The looking glass self in the age of social media


Dr Matiur Rahman :

In the early 20th century, sociologist Charles Horton Cooley introduced a seminal concept in social psychology: the “Looking Glass Self.”

This theory posits that our self-concept is shaped by our perceptions of how others view us.

Cooley’s idea rests on three principal components: imagining how we appear to others, imagining the judgment of that appearance, and developing self-feelings, such as pride or shame, based on this perceived judgment.

Despite its origins in a pre-digital era, Cooley’s Looking Glass Self remains profoundly relevant today, particularly within social media.

Social media platforms such as Facebook, Instagram, Twitter, and TikTok have fundamentally altered the dynamics of social interaction.

These digital arenas offer unprecedented opportunities for self-presentation and social feedback, thereby amplifying the processes described by Cooley.

In the past, the Looking Glass Self was constructed mainly through face-to-face interactions within limited social circles.

Today, social media enables individuals to present themselves to a vast, often anonymous audience, receiving instantaneous feedback in the form of likes, comments, shares, and follows.

This evolution has significant implications for our understanding of identity formation and self-perception.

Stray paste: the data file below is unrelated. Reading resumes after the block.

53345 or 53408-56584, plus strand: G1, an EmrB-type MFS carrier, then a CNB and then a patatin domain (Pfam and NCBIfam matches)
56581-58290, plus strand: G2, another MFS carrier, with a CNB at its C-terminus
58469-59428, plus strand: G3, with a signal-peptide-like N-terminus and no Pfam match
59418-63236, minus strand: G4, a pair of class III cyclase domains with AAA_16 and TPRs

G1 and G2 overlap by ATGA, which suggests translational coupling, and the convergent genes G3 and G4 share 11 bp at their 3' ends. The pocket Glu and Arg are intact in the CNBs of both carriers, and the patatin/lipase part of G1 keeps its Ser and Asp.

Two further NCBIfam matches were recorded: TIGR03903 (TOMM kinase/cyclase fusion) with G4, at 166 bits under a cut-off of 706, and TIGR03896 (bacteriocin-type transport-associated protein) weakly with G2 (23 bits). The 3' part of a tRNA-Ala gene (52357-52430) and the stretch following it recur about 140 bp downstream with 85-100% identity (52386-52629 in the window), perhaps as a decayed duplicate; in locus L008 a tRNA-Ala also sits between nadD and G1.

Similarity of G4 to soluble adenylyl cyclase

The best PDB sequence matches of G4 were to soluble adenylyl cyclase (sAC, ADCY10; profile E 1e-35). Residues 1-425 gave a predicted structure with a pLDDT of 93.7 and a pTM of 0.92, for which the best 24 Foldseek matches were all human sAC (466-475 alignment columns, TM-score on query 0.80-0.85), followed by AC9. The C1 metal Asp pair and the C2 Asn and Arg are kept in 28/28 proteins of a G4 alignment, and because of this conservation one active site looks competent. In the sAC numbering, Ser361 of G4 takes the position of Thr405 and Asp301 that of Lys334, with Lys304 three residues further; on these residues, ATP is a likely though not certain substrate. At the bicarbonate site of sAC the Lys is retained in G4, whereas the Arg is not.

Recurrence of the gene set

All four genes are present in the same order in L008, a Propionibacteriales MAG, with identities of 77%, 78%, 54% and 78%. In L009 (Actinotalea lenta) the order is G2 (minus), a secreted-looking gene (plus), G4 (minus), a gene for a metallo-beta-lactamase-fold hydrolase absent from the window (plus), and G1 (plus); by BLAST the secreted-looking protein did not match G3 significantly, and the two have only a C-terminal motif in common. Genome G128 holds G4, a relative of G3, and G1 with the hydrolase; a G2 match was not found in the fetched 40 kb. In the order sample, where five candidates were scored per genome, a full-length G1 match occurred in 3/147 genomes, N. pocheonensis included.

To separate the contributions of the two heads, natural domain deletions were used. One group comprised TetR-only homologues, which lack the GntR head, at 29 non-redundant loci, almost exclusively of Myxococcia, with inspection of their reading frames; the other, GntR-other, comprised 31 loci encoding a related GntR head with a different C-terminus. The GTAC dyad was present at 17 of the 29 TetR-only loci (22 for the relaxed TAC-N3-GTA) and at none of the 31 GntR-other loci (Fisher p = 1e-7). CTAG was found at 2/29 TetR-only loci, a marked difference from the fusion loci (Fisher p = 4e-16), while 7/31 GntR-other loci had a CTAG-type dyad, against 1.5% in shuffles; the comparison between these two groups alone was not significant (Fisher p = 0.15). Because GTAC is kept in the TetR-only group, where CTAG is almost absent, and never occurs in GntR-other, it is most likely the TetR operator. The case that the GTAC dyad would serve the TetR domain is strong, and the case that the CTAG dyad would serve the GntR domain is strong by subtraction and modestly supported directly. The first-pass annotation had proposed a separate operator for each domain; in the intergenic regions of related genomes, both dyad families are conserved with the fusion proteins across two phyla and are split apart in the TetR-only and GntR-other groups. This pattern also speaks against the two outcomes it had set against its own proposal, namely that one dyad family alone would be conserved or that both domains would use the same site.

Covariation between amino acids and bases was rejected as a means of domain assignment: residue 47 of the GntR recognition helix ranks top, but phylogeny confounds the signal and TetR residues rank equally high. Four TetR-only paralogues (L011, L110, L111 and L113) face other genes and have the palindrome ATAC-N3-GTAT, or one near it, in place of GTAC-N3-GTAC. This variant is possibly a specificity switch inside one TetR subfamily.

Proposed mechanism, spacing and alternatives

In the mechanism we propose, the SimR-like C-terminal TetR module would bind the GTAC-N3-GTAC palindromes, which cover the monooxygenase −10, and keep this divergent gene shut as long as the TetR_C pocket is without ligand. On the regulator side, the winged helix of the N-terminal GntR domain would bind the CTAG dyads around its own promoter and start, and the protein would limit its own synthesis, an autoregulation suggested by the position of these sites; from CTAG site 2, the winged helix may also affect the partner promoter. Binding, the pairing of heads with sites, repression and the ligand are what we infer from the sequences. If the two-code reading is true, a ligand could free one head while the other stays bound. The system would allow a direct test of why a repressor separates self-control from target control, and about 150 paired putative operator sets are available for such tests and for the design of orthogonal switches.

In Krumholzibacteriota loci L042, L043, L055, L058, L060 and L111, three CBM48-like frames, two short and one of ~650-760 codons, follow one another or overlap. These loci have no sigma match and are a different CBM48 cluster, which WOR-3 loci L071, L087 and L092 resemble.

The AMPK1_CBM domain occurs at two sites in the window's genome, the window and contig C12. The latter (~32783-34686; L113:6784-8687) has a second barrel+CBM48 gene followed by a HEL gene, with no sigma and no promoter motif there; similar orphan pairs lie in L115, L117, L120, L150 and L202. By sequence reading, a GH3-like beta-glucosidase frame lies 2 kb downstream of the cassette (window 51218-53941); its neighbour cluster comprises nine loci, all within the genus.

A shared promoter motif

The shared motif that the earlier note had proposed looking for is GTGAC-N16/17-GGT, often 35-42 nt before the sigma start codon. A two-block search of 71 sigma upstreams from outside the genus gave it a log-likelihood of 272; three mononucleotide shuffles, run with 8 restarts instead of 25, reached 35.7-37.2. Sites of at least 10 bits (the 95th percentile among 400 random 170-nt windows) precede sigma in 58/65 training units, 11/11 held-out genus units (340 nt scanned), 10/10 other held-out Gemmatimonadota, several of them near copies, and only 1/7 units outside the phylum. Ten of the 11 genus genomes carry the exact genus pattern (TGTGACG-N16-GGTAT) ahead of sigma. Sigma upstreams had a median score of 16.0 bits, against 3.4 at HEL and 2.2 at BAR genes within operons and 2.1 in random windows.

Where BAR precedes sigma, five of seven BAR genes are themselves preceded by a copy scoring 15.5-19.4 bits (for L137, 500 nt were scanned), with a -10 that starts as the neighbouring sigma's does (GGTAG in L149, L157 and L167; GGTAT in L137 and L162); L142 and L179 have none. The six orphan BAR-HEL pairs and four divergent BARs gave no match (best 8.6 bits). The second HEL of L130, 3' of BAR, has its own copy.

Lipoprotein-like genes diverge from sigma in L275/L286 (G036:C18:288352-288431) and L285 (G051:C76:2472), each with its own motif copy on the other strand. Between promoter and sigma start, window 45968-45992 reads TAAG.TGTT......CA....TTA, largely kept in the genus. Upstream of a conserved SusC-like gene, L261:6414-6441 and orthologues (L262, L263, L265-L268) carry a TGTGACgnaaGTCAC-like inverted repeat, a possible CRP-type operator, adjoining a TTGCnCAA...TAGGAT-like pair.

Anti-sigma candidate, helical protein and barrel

One of the most striking aspects of social media is the degree to which it allows for curate self-presentation.

Users have control over what aspects of their lives they share, often highlighting positive or desirable traits while concealing flaws or negative experiences.

This selective self-presentation aligns with Cooley’s notion of imagining how we appear to others.

On social media, however, this imagination is not solely an internal process; it is manifested in the images, videos, and posts users create.

The curate nature of social media profiles can lead to a heightened awareness of one’s public image, as users constantly evaluate and re-evaluate their online personas based on the reactions they receive.

The second element of Cooley’s theory—the perceived judgment of others—is also magnified in the social media context. Feedback mechanisms are built into the architecture of social media platforms.

The number of likes, comments, shares, and followers are quantifiable indicators of social approval or disapproval.

These metrics provide users with immediate and tangible feedback, which can significantly influence their self-perception. For instance, a post that receives numerous likes and positive comments can boost an individual’s self-esteem.

At the same time, a lack of engagement or negative feedback can lead to feelings of inadequacy or rejection.

The public nature of this feedback can also exacerbate these effects, as users are acutely aware that their social network is observing the reception of their posts.

The third component of Cooley’s Looking Glass self—self-feelings of pride or shame—takes on new dimensions in the age of social media.

The emotional responses elicited by social media feedback can be intense and far-reaching.


Positive reinforcement from a broad audience can lead to a sense of validation and increased self-worth. Conversely, negative feedback or cyberbullying can result in significant emotional distress.